The kingdom of love and light.

We've a song to be sung to the nations,

That shall lift their hearts to the Lord,

A song that shall conquer evil

And shatter the spear and sword,

And shatter the spear and sword.

For the darkness shall turn to dawning,

And the dawning to noonday bright;

And Christ’s great kingdom shall come on earth,

The kingdom of love and light.

We've a Savior to show to the nations,

Who the path of sorrow has trod,

That all of the world’s great peoples

Might come to the truth of God,

Might come to the truth of God.

For the darkness shall turn to dawning,

And the dawning to noonday bright;

And Christ’s great kingdom shall come on earth,

The kingdom of love and light.

Postmillennialism holds that gospel really will spread like yeast  as the Bible says. It really will grow, as Jesus taught, from a tiny  mustard side to a huge plant. The world will not become perfect, but  it will become distinctly and authentically Christian as a good  church is Christian.

You gotta love postmillennialism. Even if you don't believe it,  you have to like it:

That all of the world’s great peoples

Might come to the truth of God,

Might come to the truth of God.

Here is how Wikipedia defines postmillennialism :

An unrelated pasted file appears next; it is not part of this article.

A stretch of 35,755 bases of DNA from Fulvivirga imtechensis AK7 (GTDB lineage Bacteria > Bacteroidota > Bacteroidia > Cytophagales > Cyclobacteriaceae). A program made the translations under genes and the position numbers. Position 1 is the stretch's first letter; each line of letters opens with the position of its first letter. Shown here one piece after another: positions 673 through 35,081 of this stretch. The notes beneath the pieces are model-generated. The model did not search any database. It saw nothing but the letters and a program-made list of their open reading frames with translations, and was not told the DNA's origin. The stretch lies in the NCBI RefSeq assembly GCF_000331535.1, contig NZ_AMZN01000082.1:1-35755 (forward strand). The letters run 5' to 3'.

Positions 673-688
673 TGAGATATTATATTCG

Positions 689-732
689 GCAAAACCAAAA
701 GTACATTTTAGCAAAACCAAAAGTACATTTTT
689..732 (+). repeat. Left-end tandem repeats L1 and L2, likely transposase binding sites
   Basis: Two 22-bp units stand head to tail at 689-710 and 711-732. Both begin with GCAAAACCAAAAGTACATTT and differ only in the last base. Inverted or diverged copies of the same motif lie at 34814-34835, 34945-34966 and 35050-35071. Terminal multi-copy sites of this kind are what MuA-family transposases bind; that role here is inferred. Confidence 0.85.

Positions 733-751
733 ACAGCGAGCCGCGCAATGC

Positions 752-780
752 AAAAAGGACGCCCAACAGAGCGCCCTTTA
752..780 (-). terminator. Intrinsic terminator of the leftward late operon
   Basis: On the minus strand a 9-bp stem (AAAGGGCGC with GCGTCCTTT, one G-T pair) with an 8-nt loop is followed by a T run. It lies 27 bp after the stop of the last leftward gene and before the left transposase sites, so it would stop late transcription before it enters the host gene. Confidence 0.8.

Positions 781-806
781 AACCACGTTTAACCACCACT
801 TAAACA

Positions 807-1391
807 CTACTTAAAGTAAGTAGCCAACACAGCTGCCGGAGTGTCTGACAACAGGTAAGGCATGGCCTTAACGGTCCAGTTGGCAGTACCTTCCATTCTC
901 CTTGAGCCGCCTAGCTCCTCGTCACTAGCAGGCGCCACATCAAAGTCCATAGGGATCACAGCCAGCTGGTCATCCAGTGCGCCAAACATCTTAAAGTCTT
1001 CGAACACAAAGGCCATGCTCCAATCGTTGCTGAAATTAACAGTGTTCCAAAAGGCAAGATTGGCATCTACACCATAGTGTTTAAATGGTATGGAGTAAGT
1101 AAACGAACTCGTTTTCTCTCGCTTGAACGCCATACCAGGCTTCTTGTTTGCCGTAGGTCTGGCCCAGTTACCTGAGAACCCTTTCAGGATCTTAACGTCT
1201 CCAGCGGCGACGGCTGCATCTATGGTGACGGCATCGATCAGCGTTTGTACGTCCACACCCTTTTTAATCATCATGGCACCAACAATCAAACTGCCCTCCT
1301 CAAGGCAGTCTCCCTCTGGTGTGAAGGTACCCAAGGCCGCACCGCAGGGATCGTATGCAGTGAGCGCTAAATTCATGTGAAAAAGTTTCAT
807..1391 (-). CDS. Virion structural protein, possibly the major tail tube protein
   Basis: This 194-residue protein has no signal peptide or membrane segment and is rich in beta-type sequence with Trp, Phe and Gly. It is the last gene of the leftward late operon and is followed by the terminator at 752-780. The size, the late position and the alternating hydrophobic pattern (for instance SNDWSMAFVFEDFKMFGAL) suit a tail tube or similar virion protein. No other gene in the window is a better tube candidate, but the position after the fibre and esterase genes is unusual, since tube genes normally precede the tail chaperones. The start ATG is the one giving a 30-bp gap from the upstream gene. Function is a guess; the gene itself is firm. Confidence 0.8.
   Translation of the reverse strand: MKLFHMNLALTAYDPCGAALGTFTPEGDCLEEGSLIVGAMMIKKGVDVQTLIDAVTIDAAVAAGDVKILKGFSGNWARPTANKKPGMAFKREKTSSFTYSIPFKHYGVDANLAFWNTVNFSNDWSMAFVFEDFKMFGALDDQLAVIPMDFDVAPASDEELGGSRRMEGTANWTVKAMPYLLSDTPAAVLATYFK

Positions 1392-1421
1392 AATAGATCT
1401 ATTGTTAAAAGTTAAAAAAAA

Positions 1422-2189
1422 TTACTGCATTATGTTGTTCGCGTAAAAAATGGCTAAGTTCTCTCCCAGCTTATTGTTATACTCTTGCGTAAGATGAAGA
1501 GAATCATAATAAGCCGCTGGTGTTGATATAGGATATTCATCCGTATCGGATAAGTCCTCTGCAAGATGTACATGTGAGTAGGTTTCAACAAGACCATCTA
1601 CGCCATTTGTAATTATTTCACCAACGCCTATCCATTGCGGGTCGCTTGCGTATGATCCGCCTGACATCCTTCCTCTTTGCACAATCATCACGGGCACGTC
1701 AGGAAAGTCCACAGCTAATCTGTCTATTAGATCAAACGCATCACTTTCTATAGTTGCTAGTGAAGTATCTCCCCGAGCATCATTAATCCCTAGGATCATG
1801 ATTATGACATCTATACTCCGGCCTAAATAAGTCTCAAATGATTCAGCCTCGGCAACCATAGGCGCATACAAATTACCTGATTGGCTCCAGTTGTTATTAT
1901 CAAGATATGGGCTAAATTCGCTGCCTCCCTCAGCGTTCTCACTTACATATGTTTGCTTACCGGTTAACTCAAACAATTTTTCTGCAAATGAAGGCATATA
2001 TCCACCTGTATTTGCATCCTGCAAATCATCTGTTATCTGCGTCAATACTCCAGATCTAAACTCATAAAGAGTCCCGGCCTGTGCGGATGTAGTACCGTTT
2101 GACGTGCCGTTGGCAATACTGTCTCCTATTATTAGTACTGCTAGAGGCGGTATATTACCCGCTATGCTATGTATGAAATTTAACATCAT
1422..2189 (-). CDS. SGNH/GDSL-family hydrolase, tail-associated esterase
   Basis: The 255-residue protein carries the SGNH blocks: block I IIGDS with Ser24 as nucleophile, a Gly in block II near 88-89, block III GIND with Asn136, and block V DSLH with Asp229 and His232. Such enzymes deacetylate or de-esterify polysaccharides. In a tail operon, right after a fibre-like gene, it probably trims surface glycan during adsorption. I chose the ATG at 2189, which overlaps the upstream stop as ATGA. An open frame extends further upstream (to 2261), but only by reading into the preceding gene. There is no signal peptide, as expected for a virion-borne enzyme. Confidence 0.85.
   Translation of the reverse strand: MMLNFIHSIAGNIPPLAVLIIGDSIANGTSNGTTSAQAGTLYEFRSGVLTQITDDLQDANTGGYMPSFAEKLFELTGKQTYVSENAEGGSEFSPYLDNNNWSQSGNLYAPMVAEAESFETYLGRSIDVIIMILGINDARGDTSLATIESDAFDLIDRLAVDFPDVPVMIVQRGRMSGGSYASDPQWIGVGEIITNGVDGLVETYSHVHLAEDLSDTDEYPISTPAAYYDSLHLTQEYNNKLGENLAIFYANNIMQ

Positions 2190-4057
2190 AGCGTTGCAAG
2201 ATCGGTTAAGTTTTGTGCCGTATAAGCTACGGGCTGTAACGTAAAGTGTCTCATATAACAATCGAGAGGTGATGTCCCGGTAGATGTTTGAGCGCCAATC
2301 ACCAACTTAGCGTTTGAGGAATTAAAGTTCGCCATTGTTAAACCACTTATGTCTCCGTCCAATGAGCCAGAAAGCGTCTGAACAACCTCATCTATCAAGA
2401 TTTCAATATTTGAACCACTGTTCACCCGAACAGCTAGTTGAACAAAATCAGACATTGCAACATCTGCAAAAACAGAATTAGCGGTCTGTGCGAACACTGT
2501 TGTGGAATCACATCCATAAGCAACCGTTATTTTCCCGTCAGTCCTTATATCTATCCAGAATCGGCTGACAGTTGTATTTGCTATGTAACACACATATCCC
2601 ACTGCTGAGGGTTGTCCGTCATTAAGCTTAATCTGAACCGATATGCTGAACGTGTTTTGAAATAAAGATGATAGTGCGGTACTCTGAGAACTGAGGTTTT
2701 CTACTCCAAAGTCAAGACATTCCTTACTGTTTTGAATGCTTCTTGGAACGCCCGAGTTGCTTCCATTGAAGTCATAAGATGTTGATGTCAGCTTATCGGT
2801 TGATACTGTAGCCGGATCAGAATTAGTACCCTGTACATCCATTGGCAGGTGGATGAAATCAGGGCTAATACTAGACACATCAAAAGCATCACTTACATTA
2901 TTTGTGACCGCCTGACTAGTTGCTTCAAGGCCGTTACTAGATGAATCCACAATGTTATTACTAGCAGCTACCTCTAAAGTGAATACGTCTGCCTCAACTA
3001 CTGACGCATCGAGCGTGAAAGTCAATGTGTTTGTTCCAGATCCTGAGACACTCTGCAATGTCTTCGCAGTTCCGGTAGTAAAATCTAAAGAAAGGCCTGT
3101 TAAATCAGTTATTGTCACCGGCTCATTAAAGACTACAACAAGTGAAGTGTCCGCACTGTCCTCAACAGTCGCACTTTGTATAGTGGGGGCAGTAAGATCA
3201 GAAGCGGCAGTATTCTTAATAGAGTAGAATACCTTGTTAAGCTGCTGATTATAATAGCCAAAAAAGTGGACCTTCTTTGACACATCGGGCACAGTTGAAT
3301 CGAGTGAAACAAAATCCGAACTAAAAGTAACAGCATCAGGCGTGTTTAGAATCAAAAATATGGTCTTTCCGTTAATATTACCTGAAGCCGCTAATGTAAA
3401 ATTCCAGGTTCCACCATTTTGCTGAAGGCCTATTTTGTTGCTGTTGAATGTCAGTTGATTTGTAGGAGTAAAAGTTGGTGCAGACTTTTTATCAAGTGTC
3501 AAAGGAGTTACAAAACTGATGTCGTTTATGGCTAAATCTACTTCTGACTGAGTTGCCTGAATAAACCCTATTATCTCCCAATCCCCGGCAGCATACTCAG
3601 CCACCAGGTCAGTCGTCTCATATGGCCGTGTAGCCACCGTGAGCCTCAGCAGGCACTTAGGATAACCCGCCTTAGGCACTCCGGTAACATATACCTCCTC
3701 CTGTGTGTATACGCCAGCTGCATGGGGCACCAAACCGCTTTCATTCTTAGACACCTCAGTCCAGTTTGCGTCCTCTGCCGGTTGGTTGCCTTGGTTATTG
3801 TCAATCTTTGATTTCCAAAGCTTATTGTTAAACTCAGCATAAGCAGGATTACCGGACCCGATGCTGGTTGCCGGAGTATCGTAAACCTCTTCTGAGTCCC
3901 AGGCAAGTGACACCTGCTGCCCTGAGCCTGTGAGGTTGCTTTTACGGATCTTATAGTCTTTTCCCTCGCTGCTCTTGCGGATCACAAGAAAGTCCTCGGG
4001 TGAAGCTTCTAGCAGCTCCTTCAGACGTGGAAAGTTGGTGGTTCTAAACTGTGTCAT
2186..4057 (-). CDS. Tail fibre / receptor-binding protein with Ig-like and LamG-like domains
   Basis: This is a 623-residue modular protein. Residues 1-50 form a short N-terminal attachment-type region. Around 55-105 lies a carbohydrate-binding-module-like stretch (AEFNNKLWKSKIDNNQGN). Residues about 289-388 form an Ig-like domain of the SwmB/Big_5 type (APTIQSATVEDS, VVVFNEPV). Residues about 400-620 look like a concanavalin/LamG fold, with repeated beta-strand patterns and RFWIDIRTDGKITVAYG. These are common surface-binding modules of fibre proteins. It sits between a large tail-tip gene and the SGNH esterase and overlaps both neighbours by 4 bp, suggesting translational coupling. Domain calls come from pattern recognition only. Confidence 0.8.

In Christian eschatology, postmillennialism is an interpretation of  chapter 20 of the Book of  Revelation which sees Christ's second coming  as occurring after (Latin post-) the "Millennium",  a Golden Age  or era of Christian prosperity and dominance. The term subsumes  several similar views of the end times, and it stands in contrast to premillennialism and, to a lesser extent, amillennialism  (see Summary of Christian eschatological differences).

Although some postmillennialists hold  to a literal millennium of 1,000 years, most postmillennialists see  the thousand years more as a figurative term for a long period of  time (similar in that respect to amillennialism).  Among those holding to a non-literal "millennium" it is usually  understood to have already begun, which implies a less obvious and  less dramatic kind of millennium than that typically envisioned by premillennialists, as well as a more unexpected return of  Christ.

Postmillennialism also teaches that the  forces of Satan  will gradually be defeated by the expansion of the Kingdom of God  throughout history up until the second coming  of Christ. This  belief that good will gradually triumph over evil has led proponents  of postmillennialism to label themselves "optimillennialists" in  contrast to "pessimillennial" premillennialists and amillennialists.

Many postmillennialists also adopt some form of preterism,  which holds that many of the end times prophecies in the Bible have  already been fulfilled.

Then, the explanation I got in seminary turned a corner.  "Postmillennialism was the dominant eschatology 100 years ago and  fueled much of the energy of the early world missions movement.  Then, two world wars and a depression came along and pretty much  snuffed out that belief."

That never made a lot of sense to me. It never made any sense that  a couple of world wars and a depression would change our theology.

From what I can tell, Postmillennialism is making a modest  comeback in out times, but that is not actually what i wrote all  this to say.